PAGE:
Note: Halloween is nearly here, so I’m going to depart from writing about my marketing communications work and other related topics. Instead, I’d like to share some of my thoughts and memories about the celebration.
I love Halloween. It’s one of my favorite occasions, and some of my best memories are tied to the event. In my mind, All Hallows' Eve comes down to the three “Cs”: costumes, candy, and deCorations. My thoughts on each:
My most inspired costume was that of a “pirate ghost captain” at age nine. I couldn’t decide whether to be a pirate or a ghost, so I went as both. I painted my face white and added a black beard and red scar. (Do ghosts sustain injuries and bleed? Probably not – I took some creative license.) Also, I wore a long black coat and a white skipper hat I got on a family trip to SeaWorld a few years before.
I had to explain my costume to some folks: “a pirate died and came back as a ghost!” This was years before the “Pirates of the Caribbean” movies, so haunted seafarers weren’t as well-known as they are now. Some of my other childhood costumes included a cowboy, a clown, a Charlie Chaplin inspired guy, a gangster, a soldier, and Casper the Friendly Ghost.
The older I become the less time and effort I wanted to put into my getup. I loved painting my face when I was younger, but my enthusiasm dropped off once I was a teen. The pirate ghost required some work, but not so much with the soldier. With that one, I donned a used army jacket and pants I bought at the local Army/Navy surplus store, and I borrowed my grandfather's black beret. It was an easy three-piece ensemble.
My costume philosophy since then has been: keep it simple and low-maintenance.
The last year I went begging was when I was 13 and in eighth grade. A friend and I dressed as soldiers in the aforementioned military-inspired costumes. We set out around 6:00 p.m., which was the unofficial start of trick-or-treating in my neighborhood. We didn’t end our pursuit of confections until 8:00 p.m., the unofficial end. (Is that two-hour window standard? I only lived in one place growing up.)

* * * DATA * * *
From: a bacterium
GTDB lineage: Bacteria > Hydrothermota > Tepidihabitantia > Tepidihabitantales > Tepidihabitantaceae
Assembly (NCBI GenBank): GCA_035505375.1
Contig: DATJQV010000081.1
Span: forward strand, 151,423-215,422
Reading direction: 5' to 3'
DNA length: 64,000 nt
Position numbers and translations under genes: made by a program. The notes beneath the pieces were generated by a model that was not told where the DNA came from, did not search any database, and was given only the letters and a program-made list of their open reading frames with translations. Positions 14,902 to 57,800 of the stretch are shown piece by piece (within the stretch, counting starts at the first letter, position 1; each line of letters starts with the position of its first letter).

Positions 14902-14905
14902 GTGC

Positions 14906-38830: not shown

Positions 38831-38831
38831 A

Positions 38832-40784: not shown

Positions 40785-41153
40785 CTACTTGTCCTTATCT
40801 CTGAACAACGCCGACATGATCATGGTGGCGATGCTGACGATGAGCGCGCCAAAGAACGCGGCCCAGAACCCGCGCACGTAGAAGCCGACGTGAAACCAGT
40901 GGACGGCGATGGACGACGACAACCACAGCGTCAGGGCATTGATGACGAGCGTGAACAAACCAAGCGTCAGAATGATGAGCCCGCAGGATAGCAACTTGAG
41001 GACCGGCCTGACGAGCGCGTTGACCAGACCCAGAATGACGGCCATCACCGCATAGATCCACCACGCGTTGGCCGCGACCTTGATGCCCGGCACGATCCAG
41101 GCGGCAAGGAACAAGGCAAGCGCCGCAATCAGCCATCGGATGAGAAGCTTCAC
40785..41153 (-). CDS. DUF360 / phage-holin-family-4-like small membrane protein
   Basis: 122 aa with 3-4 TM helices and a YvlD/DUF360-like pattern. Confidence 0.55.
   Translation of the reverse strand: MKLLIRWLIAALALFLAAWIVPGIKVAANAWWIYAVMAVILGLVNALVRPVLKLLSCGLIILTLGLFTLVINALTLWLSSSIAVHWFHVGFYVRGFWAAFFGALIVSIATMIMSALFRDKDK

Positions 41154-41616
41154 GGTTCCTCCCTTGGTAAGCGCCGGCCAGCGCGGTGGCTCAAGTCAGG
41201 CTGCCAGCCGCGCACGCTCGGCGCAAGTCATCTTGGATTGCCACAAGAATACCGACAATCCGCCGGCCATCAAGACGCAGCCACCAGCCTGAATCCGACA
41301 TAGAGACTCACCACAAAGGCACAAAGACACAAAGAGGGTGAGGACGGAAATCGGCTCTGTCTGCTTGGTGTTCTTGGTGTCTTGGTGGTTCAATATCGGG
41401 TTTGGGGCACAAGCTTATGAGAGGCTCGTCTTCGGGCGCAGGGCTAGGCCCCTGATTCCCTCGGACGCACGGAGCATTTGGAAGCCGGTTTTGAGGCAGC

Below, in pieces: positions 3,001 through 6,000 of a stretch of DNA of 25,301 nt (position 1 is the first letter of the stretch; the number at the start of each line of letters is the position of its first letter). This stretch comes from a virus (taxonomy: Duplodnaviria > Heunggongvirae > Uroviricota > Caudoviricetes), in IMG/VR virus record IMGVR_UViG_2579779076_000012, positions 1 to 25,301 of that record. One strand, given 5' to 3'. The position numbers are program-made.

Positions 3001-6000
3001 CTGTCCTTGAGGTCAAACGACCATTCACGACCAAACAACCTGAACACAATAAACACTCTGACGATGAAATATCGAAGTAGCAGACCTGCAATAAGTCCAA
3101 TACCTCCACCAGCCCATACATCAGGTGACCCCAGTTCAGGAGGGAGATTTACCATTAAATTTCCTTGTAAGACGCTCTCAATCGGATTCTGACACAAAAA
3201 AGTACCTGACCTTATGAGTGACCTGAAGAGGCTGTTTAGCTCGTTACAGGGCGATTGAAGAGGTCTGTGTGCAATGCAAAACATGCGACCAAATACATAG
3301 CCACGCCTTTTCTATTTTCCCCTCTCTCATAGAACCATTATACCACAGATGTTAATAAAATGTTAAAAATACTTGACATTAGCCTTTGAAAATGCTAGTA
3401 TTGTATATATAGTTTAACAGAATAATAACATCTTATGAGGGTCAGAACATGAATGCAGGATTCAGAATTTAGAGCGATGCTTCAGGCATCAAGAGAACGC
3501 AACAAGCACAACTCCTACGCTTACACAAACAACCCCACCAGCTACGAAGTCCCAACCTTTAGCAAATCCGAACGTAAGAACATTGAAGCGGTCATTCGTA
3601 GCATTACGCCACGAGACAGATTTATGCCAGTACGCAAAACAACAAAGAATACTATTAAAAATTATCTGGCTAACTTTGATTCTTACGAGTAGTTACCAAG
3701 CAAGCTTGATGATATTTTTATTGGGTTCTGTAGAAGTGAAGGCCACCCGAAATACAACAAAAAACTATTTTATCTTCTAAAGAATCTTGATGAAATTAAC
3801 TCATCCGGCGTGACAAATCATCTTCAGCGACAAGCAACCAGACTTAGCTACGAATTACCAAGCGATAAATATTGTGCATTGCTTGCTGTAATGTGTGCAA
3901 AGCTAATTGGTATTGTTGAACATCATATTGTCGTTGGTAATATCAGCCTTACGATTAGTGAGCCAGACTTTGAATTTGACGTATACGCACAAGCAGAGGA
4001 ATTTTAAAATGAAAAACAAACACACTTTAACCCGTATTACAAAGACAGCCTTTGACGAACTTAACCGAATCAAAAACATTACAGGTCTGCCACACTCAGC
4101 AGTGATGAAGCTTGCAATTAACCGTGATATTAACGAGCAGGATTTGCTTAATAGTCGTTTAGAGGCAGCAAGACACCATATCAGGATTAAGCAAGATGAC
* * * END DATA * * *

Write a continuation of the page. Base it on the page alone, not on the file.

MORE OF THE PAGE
Two bigger kids can cover a lot of ground in 120 minutes, and we scurried from one dwelling to another. We rang the doorbell, grabbed the goods, said a quick “thank you,” and then it was on to the next one. I used a pillowcase to collect sweets, and it was pretty heavy by the end of the evening.
After we called it a holiday, I spilled my loot on my parent’s kitchen table and there was a mountain of items. What satisfaction! There seemed to be every type of candy, as well as various odds and ends like pennies, a toothbrush, campaign literature, and McDonald’s gift certificates. When I was a kid, Mickey D’s was even better than chocolate/peanut items. I enjoyed going there in the days after Halloween and getting a cheeseburger, fries, or a sundae.
My treat philosophy: chocolate is great, but fast food is better.
And now? Forget it! Pumpkin carving is never as fun as you think it’s going to be when you buy one of the orange squashes at the grocery store or pick it from Farmer Brown's patch. They smell funky, and the insides are wet and slimy. Also, carving is hard! You really have to put in some muscle to cut out those features. It's all too much.
My jack-o-lantern philosophy: leave it to the professionals with power tools.
On a final holiday note, I leave you with this short poem by Nina Willis Walter :
The witches fly
Across the sky,
The owls go, “Who? Who? Who?”
The black cats yowl
And green ghosts howl,
“Scary Halloween to you!”
I'm Eli Natinsky and I'm a marketing and communications professional. This blog explores my work and professional interests. I also delve into other topics, including media, marketing, pop culture, and technology.